Grades K-2 – STAR reading and math – beginning, middle and end of the year
Grades 3-8 – Ohio standardized tests – April
Grades 9-11 – Ohio End of Course tests – December and April
We use Chromebooks for STAR and Ohio testing except for the third grade. In Ohio, the Third Grade Reading Guarantee is given in October and April; this is a high stakes test that determines promotability. We do not feel that our students are mature enough in their computer skills to simultaneously focus on keyboarding skills and reading skills. Therefore, all third-grade testing is done with traditional test booklets.
At the high school level, additional tests are needed to help students prepare for college and careers. We are currently administering the following:
PSAT – optional for sophomores who may be eligible for National Merit Scholarships or who want to take the SAT
PreACT – for sophomores
State-funded ACT – for juniors
ASVAB (Armed Services Vocational Aptitude Battery)
The curriculum director who handles testing is responsible for overseeing test prep, preparing and publicizing the testing schedule, troubleshooting in all classrooms during testing, scheduling make-up testing, shipping testing materials, and interpreting testing data.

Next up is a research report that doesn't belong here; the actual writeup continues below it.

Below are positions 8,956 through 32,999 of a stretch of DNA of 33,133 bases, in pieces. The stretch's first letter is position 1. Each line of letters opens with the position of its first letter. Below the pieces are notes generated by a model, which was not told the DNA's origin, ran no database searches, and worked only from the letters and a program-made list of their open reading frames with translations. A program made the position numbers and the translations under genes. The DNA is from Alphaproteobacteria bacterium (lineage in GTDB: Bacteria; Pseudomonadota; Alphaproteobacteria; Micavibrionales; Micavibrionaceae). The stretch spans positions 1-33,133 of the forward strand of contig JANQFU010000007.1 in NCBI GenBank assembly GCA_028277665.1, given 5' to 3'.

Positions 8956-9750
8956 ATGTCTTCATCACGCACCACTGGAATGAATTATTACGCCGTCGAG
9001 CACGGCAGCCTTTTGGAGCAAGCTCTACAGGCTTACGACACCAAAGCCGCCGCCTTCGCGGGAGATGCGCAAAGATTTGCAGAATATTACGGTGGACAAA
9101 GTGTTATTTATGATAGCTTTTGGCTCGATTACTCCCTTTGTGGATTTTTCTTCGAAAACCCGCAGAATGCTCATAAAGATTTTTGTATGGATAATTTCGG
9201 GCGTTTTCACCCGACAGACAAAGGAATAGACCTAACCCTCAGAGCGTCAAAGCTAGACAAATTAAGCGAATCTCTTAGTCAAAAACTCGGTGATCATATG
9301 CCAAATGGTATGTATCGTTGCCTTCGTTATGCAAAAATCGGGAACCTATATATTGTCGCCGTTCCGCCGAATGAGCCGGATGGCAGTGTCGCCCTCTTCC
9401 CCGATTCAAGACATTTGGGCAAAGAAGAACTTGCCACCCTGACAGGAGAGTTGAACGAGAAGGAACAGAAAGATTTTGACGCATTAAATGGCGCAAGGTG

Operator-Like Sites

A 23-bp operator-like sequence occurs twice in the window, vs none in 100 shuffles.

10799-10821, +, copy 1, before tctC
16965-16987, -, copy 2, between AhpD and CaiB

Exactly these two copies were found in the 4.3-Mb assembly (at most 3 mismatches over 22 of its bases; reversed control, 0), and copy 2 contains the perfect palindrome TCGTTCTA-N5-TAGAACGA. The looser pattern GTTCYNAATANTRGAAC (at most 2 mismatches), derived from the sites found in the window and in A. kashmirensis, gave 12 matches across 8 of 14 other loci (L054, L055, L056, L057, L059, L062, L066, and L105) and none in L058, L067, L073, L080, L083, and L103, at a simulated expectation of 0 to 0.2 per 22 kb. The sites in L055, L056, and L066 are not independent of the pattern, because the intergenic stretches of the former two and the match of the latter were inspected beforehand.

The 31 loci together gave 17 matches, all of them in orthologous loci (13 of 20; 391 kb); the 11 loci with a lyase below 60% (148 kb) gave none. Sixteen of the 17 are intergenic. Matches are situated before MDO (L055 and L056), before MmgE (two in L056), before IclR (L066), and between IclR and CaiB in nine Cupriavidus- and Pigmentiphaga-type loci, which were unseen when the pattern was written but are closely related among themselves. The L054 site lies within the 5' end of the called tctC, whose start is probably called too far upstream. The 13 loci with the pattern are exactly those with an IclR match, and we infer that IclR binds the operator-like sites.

Testing is mere busywork if your school does not do anything with the data it provides. As an ACSI member school, we are expected to disaggregate testing data, use it to inform instruction and share the results with our constituents, which include the board, faculty, and parents. If you had the blessing of taking a course in quantitative analysis, you know that statistics can be manipulated to say anything. As a faith-based educator it is paramount to remember James 3:1. Educators will give an account before God for the way in which they lead. Integrity, honesty, and full disclosure should characterize our handling of test statistics. If you give a test, you should be willing to share the results – for all subjects and all tests – announcing the good news as well as acknowledging the disappointments.